Mayorkas said poverty, high levels of violence, and corruption in Mexico and the Northern Triangle countries “have propelled migration to our southwest border for years,” but that “adverse conditions have continued to deteriorate. Two damaging hurricanes that hit Honduras and swept through the region made the living conditions there even worse, causing more children and families to flee.”

In addition, the Homeland Security chief claimed the Trump administration “completely dismantled the asylum system. The system was gutted, facilities were closed, and they cruelly expelled young children into the hands of traffickers. We have had to rebuild the entire system, including the policies and procedures required to administer the asylum laws that Congress passed long ago.”     

He said the Biden administration is building additional facilities in the southwestern states of Texas and Arizona to shelter unaccompanied children, while working with Mexico to expand its ability to house expelled families.

Last weekend, Homeland Security said that for the next 90 days, the Federal Emergency Management Agency would help process the large number of unaccompanied migrant children.

In Dallas, the city convention center will be used to house as many as 3,000 migrant boys, ages 15-17, for up to 90 days starting next week, with the U.S. providing food, security and medical care.  

Dallas City Manager T.C. Broadnax said in a statement that “collective action is necessary, and we will do our best to support this humanitarian effort.”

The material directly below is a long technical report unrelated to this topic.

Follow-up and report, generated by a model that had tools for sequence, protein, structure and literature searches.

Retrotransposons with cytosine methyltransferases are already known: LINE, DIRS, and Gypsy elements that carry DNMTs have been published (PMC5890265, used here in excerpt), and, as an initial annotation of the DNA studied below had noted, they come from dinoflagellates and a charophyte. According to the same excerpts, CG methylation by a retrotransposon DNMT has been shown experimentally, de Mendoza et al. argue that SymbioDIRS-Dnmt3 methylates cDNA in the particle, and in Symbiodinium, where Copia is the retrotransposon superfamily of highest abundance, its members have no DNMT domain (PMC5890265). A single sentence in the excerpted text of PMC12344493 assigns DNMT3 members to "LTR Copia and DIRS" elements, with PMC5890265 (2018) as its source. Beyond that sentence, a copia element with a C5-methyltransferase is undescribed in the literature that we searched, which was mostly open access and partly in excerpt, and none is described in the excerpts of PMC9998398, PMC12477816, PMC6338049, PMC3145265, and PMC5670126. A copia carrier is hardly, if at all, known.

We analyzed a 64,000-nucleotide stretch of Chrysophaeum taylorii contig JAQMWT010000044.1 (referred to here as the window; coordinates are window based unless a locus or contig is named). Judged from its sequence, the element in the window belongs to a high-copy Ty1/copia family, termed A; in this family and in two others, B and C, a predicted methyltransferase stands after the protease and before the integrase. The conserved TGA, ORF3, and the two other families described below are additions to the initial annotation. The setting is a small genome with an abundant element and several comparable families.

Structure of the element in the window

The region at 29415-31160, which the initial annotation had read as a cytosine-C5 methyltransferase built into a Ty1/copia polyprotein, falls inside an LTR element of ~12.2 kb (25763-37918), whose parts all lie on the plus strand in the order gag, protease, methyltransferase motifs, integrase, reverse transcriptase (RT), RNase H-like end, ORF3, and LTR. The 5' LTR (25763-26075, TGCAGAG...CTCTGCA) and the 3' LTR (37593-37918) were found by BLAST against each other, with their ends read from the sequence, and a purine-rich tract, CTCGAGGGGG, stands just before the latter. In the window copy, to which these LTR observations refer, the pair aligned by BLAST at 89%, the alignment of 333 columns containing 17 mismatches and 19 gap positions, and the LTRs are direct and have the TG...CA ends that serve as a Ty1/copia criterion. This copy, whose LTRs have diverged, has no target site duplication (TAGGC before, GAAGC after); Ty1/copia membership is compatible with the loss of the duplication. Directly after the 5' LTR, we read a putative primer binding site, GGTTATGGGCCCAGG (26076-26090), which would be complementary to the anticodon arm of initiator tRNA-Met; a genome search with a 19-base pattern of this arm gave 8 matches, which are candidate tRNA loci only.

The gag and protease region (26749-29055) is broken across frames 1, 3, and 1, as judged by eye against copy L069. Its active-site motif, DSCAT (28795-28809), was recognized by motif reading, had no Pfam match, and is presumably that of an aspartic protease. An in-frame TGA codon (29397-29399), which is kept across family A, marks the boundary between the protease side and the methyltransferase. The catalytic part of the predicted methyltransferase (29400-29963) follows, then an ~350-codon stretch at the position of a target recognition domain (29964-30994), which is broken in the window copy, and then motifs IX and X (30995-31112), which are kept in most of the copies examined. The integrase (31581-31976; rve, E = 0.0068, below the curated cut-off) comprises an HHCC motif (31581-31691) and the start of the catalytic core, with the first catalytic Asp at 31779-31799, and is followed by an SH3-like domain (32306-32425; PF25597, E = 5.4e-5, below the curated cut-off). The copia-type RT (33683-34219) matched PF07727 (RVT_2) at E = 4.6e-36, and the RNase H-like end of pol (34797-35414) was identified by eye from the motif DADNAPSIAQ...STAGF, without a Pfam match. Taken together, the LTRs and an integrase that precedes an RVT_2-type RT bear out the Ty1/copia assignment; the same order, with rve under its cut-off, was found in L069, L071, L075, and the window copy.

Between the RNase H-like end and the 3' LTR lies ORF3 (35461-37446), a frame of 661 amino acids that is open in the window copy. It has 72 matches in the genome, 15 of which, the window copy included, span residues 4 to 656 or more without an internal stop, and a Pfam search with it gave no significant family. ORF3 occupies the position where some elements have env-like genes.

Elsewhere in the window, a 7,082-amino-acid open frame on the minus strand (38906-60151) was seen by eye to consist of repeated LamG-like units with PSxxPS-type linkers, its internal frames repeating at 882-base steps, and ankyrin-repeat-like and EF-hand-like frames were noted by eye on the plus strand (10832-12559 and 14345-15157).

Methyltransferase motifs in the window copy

The Health and Human Services agency will also house youths in Midland, Texas, at a converted oilfield workers camp with help from the American Red Cross, which sent 60 volunteers. 

On Sunday, House Speaker Nancy Pelosi told reporters “the Biden administration is trying to fix the broken system that was left to them by the Trump administration. The Biden administration will have a system based on doing the best possible job, understanding this is a humanitarian crisis.”

Trump weighed in with his immigration thoughts at the recent Conservative Political Action Conference, contending that Biden “wants it all to go to hell.”  

“When I left office just six weeks ago, we had created the most secure border in U.S. history,” Trump claimed, ignoring the increased number of illegal crossings during his last months in office.  

“It took the new administration only a few weeks to turn this unprecedented accomplishment into a self-inflicted humanitarian and national security disaster by recklessly eliminating our border security measures, controls, all of the things that we put into place,” Trump argued.  

Aside from dealing with the current quandary at the border, Democrats in the House of Representatives this week are trying to advance two pieces of immigration legislation.  

One would establish a pathway to citizenship for undocumented immigrants who were brought to the United States as children and have lived, attended school and worked in the country since then.  

The House is also considering a measure in which a migrant worker in the agricultural industry could earn temporary status to stay in the U.S. with an eventual option to become a permanent resident.  

Democrats strongly support both bills and also passed them in 2019. Even if they are approved again, however, their fate in the politically divided Senate is uncertain, at best.